Freedom of information is one of the most fundamental human rights. But so is the right to live in security – and the two rights need to be balanced and reconciled. With that in mind, UK law statutes include the so-called ’30-year rule’, which compels Her Majesty’s Government to review and declassify secret documents upon the passing of three decades.
Amazingly (given the difference in the security situation between the two countries), Israel has the same rule. Which – let us remark in passing – has led certain researchers to claim that Israel emulated the UK in this respect. Avi Shlaim, for instance, writes that
“Israel adopted the British rule for the review and declassification of foreign policy documents.” [‘The Iron Wall’, Penguin Books 2000, Preface page xvi. ISBN 13:978-0-140-28870-4].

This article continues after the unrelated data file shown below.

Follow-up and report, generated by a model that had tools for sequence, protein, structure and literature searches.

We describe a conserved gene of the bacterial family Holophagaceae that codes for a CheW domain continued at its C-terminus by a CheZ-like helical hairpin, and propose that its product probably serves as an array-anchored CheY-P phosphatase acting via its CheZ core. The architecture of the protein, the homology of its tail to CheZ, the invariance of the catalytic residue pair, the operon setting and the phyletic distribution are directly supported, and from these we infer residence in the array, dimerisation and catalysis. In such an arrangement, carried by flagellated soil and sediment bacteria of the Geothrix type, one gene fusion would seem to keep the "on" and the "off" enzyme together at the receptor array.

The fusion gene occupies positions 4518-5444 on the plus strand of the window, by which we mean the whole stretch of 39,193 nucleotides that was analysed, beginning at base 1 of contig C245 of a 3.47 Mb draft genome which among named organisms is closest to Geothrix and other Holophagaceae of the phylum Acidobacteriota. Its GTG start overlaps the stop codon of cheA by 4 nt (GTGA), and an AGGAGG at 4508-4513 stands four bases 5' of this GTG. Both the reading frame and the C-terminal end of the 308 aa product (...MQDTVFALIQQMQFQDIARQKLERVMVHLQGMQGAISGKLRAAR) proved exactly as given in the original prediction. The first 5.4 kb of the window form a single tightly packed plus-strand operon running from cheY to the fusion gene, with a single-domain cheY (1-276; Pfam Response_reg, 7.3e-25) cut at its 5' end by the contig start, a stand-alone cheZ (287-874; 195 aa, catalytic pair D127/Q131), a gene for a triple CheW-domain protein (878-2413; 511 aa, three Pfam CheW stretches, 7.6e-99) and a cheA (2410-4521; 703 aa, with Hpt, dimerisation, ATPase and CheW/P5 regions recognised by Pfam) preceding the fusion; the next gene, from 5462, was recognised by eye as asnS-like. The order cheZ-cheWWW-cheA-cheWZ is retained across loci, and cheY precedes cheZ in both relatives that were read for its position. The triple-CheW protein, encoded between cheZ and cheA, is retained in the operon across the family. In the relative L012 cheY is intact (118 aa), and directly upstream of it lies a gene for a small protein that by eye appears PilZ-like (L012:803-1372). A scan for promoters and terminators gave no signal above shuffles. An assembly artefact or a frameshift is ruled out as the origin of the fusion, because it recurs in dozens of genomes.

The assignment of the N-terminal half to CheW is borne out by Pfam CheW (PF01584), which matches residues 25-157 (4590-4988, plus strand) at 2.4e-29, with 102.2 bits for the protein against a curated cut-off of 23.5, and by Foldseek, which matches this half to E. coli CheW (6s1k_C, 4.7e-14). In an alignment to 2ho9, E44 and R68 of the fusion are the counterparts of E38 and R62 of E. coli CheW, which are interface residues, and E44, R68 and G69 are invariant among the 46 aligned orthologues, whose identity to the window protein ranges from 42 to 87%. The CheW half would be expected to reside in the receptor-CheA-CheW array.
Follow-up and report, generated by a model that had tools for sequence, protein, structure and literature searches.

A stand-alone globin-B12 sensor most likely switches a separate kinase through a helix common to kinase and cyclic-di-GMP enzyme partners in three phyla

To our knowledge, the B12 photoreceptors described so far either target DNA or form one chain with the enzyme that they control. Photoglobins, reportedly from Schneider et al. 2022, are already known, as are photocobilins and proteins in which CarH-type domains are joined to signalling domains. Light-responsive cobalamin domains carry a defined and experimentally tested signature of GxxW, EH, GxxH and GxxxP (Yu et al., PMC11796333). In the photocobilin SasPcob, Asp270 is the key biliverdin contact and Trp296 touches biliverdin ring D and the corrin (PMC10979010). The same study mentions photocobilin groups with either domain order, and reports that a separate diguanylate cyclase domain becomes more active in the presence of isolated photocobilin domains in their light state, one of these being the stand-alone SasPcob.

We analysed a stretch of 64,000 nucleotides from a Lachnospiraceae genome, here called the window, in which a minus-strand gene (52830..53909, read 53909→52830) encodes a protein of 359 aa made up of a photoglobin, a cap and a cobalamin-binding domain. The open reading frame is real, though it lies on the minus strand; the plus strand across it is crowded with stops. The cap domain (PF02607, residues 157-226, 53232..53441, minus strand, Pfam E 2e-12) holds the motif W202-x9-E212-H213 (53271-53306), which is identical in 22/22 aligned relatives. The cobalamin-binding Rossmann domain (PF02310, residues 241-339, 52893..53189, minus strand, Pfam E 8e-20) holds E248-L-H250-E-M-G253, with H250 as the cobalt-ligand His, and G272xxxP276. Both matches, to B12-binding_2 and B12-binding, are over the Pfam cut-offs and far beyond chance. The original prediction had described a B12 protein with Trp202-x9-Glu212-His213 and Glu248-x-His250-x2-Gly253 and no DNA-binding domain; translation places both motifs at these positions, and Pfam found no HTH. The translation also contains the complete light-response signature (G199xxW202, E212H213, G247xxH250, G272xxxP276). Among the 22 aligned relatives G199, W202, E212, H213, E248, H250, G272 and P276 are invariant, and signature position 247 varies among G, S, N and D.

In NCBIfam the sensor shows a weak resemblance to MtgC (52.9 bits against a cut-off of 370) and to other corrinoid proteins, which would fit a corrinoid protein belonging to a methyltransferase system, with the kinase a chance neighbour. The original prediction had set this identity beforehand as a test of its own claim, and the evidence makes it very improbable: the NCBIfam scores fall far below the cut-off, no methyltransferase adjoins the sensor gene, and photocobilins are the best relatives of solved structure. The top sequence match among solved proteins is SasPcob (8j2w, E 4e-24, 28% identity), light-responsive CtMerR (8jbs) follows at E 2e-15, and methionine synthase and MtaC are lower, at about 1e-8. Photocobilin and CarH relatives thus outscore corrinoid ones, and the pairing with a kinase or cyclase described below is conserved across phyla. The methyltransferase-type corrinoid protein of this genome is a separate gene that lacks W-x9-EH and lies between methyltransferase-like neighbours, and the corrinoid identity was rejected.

Ilan Pappé makes a similar claim in ‘The Israel/Palestine Question’ [Routledge 1999, p. 153. ISBN 0415169488].
The only problem with this theory is that the relevant Israeli law (The Archives Law) has been promulgated in 1955, i.e. prior to the British law (The Public Records Act, issued in 1958). Which may lead some historians to conclude that it’s the UK that adopted the Israeli rule; assuming, that is, that the two practices are related in the first place, and that ‘some historians’ are more interested in chronology than in ideology. Two big assumptions, admittedly!
Be that as it may, the point is that Israel’s foreign policy documents (including minutes of cabinet meetings, communications among governmental and parliamentary officials, etc. etc.) are declassified and made available to researchers upon the passing of 30 years. These documents complement others that are already available, including even the private diaries of former government officials (such as that of the country’s first Prime Minister, David Ben-Gurion). Needless to say, such unusual wealth of easily-accessible information is a true bonanza for researchers and history scholars. And indeed, through the years many have availed themselves of that brilliant research opportunity.